Question: I hosted a tzedaka party and a tremendous amount of people came. About two weeks later, I was rummaging through my coat closet and I saw a scarf and an umbrella, that I know doesn’t belong to anyone in my family. It must have been from one of the guests. I made a few phone calls but there’s no way to definitively know to whom it belongs.I don’t think that I’m allowed to throw out something that belongs to someone else. What should I do now with all the things in the house that don’t belong to me and I can’t locate the owner? Do I have to hold on to it? Can I use it?
This is a Common Phenomenon
Answer: This question and similar questions are incredibly common.
The Torah in two places,Parshas Ki Seitzei (and Parshas Mishpatim) writes that there is the mitzvah of Hashavas Aveida (returning a lost item to its owner).
Not only that, the finder, in fact, becomes a “shomeir” (guardian) for the one who lost the item; therefore, the finder must definitely make sure that the item does not get damaged or disposed of.
The halacha is if someone finds an aveida, a lost object, they have to return it to the loser, and must hold onto it, until they return it.
In the best case scenario, one should do what they can to find the person whose item it is, i.e. put up a sign (when applicable), make phone calls (especially if there’s a number on the item), and in that way find the owner and return it.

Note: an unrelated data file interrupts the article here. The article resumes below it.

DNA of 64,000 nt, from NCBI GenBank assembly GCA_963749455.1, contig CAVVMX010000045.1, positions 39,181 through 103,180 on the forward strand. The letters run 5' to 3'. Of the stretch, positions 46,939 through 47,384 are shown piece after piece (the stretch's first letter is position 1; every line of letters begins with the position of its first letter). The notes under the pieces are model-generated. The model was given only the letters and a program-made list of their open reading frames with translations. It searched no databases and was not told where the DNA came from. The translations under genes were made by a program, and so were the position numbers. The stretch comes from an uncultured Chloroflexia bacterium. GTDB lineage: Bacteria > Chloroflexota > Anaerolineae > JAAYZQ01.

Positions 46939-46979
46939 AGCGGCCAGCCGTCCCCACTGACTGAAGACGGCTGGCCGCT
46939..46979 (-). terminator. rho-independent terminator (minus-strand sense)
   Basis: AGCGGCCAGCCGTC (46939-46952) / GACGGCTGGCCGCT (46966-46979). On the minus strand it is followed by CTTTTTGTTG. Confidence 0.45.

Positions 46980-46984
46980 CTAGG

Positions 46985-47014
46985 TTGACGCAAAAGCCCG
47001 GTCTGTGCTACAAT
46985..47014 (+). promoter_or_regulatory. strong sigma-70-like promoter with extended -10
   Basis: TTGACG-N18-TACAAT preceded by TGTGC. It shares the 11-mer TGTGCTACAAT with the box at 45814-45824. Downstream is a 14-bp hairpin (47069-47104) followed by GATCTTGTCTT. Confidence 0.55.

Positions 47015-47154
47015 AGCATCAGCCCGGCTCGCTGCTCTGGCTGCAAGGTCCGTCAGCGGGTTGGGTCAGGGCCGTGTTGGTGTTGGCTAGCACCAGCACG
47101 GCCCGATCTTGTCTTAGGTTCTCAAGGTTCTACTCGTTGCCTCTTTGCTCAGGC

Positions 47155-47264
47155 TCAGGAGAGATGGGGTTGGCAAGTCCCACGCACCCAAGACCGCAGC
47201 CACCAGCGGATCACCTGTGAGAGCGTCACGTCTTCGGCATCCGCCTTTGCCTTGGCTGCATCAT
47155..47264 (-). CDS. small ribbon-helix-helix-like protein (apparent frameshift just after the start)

This is the classic case of Hashavas Aveida.
What if there’s no way?
When there’s no way to locate whose item it is, and it’s obvious the owner was “miyaesh”, gave up hope of retrieving it, then it has a halacha of hefker and whoever finds it may keep it.
The halacha is, therefore, that if one finds a dollar bill in the street, since there’s no siman( specific marking), one may keep the dollar even if it fell from a Jew.
We assume the one who lost it knows that he lost it and was miyaesh.
The problem is when someone lost something that has no siman, but doesn’t know he lost it so he was never miyaesh (although we know that if he knew of his loss he would be miyaesh).
Also, if the finder picked it up before the loser realized his loss, even if the loser was miyaesh after he realized it was lost, nevertheless, the finder must return the item to the loser, because he was responsible to return it to the loser before there was “yiush”, so the yiush afterwards doesn’t take effect. [The gemara’s term for that is it was “b’isura asa l’yado”, it came to the finder before he was allowed to keep it, namely, before yiush.]
What about this Scarf and Umbrella?
Now, in your case, where someone left a scarf or umbrella in your house, there are several factors to consider.
If the person who left it was miyaesh, then theoretically you can keep it, like any lost item after yiush.
In this case, however, that’s not so simple.
If you picked it up before the yiush happened- for example, if you picked it up from the floor a few minutes after the guest left, and he only realized he’s missing his scarf six days later, and then was miyaesh by assuming he’ll never be able to locate it, the Torah made you a shomeir for him before the yiush happened, thus invalidating the yiush.
Even if you didn’t pick it up at all, let’s say it was sitting in your closet and you never picked it up until the yiush occurred, acc. to the Shach (CM 262:1) the fact that it was in your house makes you a shomeir aveida, requiring you to give it back. [The Nesivos Hamishpat there argues on this point.]
There’s the possibility also, that the one who lost it totally forgot about it, and doesn’t know he lost his scarf, in order to be miyaesh. So it’s not really simple to rely on yiush here to allow you to keep it.